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Secrets Behind Sculpting The Barre Butt
Gorgeous high, tight “butts” don’t come easy. Bar Method students and dancers are among the few who achieve this sculpted feature, and it’s no wonder when you look at the struggle many exercise students have just recruiting their glute muscles, let alone changing their shape. Glutes are among our largest and strongest muscles, so why do they behave like our laziest ones? To begin with, glutes are specialized muscles designed for intense activity. Unless we intensely challenge them they tend to let our hamstrings do the work. How, then, do we get to these muscles?
For the answers, let’s take a quick look back at how our glutes grew to be so large compared to those on other primates. Our ancestors’ glutes made their leap in size around the time pre-humans wandered onto savannahs. (Click to read more about our evolution and how Bar Method sculpts our backsides.) This new environment called them up to become quick enough both to escape fast predators and to be predators themselves. To meet this challenge, their legs developed the ability to push the ground behind them with considerable force, enabling them to leap forward in a series of powerful jumps, a gait we call running. Jogging, a slower form of moving forward, doesn’t work the same way, since joggers’ legs are still relying largely on their hamstrings and quads, the muscles that are designed for walking. Today you have to be a dedicated sprinter, professional dancer or competitive athlete to lift your seat the old-fashioned way.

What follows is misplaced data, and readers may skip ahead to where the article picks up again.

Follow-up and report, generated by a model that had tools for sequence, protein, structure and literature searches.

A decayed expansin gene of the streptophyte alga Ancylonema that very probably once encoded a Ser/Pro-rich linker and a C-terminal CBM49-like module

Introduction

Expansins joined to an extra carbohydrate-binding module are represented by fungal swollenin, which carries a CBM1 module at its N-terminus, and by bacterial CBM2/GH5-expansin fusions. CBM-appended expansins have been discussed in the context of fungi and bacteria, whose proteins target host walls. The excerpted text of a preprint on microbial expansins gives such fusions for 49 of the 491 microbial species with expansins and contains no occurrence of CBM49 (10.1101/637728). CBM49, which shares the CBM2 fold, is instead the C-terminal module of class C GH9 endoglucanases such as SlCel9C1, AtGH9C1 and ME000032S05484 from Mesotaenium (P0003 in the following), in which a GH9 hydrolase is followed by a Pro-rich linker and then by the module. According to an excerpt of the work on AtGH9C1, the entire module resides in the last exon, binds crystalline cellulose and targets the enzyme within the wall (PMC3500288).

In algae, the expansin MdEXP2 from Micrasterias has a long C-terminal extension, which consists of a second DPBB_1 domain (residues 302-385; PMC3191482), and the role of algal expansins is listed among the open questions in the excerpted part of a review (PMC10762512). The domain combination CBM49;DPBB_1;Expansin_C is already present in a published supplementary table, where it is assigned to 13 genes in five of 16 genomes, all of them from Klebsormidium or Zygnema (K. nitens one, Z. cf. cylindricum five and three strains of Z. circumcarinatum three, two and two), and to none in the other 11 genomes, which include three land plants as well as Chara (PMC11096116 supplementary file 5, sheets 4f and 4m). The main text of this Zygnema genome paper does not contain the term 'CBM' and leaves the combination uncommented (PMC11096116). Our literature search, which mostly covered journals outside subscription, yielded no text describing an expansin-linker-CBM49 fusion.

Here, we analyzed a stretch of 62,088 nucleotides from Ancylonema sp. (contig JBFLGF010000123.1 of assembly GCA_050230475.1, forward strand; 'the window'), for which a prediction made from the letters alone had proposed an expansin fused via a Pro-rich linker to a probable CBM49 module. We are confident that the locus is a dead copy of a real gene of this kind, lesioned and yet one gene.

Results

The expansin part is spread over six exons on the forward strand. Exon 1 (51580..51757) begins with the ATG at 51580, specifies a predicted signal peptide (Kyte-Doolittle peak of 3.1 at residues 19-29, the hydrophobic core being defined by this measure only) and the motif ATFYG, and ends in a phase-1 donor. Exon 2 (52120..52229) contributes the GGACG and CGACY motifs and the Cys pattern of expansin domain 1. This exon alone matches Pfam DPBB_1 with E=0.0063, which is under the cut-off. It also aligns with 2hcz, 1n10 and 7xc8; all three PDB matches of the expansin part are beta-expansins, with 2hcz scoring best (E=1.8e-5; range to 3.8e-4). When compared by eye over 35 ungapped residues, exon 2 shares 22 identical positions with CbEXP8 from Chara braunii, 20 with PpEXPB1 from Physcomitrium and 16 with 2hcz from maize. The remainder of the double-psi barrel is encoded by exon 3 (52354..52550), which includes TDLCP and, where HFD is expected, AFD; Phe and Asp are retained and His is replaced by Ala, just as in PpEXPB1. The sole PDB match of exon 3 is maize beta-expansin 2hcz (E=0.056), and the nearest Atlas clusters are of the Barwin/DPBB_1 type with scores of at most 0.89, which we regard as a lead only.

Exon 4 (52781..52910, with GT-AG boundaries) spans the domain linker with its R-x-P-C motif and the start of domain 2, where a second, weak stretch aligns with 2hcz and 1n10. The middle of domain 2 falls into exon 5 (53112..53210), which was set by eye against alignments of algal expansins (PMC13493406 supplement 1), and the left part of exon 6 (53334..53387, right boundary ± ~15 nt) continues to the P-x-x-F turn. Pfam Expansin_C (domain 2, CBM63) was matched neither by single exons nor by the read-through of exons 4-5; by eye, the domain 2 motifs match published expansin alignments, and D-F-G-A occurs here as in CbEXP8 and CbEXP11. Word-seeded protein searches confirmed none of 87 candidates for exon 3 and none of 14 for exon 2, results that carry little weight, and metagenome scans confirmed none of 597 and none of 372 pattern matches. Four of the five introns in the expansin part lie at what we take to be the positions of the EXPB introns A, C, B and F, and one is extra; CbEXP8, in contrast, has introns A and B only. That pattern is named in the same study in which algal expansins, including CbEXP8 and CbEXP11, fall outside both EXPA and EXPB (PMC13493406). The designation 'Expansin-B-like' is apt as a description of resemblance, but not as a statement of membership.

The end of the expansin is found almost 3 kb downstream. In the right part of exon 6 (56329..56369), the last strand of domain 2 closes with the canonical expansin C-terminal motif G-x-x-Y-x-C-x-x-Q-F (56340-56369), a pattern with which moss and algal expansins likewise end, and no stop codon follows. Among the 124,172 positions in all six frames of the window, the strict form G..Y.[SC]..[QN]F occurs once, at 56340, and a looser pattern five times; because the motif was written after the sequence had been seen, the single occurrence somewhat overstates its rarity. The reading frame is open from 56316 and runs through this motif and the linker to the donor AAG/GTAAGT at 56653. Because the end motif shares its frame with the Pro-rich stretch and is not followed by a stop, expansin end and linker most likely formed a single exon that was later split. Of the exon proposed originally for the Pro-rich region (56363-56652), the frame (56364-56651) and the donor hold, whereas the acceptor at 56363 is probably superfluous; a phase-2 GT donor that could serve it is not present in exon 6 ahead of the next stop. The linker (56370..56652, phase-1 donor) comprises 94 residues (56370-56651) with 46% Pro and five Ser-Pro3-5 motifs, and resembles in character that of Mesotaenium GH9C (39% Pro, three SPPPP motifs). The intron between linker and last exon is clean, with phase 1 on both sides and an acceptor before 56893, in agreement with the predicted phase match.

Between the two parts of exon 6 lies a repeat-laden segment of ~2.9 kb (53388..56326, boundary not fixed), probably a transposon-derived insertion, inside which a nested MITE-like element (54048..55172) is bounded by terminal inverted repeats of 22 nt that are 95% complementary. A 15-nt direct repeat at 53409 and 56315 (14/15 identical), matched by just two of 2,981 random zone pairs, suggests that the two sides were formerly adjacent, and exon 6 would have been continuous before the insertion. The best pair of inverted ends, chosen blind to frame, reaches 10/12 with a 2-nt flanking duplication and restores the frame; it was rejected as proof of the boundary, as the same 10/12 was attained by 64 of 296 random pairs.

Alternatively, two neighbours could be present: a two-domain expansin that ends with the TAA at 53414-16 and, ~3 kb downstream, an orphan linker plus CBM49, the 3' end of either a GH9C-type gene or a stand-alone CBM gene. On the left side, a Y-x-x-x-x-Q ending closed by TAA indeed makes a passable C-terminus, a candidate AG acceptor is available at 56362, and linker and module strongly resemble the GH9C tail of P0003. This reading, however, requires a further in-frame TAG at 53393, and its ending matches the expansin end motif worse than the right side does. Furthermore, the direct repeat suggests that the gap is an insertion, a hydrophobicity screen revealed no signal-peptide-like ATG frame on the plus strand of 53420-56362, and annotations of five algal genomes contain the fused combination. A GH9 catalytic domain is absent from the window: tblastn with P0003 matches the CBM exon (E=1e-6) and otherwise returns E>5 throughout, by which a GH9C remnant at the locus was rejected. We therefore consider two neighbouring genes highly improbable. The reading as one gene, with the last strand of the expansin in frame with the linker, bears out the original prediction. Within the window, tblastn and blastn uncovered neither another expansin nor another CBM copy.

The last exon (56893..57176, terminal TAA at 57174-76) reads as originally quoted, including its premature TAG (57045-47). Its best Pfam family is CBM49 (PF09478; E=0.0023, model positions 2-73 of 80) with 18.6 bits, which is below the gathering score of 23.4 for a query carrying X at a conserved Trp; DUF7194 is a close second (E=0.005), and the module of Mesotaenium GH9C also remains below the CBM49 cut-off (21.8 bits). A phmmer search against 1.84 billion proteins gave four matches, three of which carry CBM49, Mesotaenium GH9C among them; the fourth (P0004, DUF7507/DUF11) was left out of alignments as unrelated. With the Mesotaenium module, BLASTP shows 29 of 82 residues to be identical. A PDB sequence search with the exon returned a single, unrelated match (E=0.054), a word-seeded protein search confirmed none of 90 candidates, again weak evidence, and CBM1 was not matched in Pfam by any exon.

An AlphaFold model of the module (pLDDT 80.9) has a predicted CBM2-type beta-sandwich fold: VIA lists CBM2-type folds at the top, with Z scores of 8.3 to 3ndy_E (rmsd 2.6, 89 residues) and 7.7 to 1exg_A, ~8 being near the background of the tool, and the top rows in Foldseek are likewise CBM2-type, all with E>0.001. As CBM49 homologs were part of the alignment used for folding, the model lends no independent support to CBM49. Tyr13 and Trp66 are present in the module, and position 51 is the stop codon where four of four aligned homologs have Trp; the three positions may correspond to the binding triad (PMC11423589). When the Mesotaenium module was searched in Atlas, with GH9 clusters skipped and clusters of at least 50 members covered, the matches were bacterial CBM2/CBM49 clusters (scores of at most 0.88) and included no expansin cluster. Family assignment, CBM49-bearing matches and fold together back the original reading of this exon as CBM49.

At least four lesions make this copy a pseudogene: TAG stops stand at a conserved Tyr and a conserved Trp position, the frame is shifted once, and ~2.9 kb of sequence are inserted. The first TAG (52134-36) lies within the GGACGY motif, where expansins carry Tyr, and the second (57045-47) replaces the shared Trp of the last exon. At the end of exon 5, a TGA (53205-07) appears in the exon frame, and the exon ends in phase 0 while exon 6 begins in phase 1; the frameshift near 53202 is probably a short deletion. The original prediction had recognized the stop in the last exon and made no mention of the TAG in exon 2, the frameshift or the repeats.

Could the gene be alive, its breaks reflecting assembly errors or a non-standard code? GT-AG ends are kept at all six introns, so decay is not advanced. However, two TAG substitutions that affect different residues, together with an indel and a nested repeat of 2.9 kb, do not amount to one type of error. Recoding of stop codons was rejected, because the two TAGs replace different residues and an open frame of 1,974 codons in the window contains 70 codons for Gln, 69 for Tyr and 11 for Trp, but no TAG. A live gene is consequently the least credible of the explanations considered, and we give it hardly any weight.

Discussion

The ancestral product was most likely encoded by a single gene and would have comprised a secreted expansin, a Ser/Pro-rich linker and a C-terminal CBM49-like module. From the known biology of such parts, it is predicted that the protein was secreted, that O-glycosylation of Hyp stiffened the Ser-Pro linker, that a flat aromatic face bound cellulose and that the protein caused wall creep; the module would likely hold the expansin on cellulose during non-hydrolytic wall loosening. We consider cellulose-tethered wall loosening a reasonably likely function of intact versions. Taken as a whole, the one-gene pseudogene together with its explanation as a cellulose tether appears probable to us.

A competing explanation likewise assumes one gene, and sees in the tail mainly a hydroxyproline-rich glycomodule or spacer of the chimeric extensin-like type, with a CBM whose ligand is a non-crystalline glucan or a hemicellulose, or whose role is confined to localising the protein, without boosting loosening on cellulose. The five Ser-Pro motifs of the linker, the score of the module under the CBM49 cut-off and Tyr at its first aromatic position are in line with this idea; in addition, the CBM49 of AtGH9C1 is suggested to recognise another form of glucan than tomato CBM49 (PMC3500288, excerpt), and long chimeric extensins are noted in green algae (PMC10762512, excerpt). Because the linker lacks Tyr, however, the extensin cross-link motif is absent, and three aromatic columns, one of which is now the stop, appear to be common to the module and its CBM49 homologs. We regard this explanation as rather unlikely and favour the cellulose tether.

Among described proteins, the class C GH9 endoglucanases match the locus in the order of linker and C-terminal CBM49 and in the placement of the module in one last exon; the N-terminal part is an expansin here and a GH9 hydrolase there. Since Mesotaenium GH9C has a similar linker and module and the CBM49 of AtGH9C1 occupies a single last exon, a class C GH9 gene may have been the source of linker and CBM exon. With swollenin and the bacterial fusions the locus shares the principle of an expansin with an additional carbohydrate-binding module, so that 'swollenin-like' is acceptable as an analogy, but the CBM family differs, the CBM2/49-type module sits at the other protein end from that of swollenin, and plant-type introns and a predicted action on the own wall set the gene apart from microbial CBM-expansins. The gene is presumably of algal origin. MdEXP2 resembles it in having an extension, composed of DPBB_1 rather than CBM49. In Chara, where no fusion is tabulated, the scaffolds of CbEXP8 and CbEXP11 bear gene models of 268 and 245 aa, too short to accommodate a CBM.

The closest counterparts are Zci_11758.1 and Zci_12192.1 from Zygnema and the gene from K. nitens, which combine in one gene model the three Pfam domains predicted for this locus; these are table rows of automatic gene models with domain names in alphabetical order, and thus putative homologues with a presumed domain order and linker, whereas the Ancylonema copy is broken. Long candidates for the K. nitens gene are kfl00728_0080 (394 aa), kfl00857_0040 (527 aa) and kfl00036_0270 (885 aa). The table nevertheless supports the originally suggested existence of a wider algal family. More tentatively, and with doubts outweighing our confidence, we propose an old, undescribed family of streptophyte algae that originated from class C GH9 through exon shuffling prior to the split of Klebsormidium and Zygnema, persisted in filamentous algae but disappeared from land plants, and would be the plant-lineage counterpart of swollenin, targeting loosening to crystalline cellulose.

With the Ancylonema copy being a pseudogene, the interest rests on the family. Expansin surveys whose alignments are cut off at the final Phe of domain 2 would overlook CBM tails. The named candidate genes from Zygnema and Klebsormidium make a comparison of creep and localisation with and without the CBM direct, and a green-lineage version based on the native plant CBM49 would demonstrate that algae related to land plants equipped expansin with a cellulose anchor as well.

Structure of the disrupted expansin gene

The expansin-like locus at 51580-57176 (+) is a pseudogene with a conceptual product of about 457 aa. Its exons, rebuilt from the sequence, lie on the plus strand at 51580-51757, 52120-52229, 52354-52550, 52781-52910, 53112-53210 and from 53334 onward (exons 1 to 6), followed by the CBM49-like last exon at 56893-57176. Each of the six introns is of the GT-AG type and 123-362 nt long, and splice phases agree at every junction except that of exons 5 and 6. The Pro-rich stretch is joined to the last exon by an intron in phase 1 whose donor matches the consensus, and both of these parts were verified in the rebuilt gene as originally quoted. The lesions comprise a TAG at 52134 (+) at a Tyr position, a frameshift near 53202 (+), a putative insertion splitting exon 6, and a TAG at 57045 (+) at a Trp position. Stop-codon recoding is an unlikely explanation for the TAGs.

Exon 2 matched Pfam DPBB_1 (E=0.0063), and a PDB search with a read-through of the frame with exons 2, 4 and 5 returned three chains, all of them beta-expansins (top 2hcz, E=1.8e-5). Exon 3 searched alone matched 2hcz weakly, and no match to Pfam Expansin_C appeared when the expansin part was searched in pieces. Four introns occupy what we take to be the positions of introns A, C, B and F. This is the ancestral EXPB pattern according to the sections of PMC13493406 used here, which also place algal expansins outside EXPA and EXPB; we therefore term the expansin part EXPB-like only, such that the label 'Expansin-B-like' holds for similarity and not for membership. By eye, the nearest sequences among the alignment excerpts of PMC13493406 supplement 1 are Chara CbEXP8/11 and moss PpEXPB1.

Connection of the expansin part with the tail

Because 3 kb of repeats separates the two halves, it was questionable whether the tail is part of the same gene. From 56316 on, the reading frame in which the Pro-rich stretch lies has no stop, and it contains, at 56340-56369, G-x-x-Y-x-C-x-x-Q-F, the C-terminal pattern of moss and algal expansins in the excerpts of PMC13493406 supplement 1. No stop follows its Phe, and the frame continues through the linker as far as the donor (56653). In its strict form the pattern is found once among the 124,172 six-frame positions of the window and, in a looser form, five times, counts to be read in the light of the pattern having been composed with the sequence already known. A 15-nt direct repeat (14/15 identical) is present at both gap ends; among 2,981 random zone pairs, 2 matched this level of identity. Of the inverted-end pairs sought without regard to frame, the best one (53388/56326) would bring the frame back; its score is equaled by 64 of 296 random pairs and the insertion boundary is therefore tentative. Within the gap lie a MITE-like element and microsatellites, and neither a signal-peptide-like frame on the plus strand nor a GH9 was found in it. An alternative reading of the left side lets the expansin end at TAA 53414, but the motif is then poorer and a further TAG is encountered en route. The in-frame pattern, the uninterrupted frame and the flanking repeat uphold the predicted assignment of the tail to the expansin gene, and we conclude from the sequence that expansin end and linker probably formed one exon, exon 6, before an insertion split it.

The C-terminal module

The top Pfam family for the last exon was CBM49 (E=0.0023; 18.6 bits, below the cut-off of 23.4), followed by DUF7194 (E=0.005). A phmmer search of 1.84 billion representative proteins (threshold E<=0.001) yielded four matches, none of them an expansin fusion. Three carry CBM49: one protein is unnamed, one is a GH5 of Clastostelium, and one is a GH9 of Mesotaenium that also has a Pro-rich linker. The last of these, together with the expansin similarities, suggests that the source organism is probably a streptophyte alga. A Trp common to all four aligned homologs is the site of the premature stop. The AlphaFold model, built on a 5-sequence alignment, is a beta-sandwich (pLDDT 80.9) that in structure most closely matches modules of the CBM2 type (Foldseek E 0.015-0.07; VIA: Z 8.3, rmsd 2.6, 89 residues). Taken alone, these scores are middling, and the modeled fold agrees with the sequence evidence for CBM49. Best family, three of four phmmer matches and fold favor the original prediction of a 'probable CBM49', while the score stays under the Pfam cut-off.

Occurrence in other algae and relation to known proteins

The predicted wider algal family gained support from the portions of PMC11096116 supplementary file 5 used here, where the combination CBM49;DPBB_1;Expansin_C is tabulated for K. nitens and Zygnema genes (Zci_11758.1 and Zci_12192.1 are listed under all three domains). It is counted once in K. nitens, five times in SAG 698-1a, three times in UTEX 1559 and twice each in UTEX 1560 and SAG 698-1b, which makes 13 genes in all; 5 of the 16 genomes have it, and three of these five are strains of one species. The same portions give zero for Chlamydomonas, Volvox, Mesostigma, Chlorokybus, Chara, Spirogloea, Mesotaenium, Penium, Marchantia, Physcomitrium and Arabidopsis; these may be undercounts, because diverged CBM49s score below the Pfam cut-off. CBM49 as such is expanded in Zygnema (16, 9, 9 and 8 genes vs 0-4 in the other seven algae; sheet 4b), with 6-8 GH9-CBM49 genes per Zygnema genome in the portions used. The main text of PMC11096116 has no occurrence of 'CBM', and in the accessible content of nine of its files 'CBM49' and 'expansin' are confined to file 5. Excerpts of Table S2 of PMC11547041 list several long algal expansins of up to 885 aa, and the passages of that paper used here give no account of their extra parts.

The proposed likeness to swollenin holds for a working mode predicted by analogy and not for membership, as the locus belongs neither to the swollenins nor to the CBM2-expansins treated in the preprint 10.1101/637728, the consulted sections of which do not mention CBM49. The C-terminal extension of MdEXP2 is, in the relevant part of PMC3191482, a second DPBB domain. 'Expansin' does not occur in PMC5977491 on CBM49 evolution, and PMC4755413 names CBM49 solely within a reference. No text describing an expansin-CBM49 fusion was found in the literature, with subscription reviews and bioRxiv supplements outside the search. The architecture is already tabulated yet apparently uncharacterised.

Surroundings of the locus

Most of us don’t fall into these categories, so we’re lucky that the Bar Method offers an accessible technique for sculpting a gorgeous butt that is compatible with the original purpose of our glutes. The Bar Method’s “seat” exercises simulate the powerful backward thrust of the runner’s leg by locking it tightly against its glute muscles – the same position a leg reaches just as its glutes work hardest during a sprint – and keeping it there for minutes at a time. When you’re in a Bar Method class, you’re not running or jumping. Just the same, you’re making your glutes work just as intensely as if you were. New students say doing this exercise is “using muscles I never knew I had.” Actually they always had these muscles. What they’re using that’s new is a workout that their glutes can finally relate to.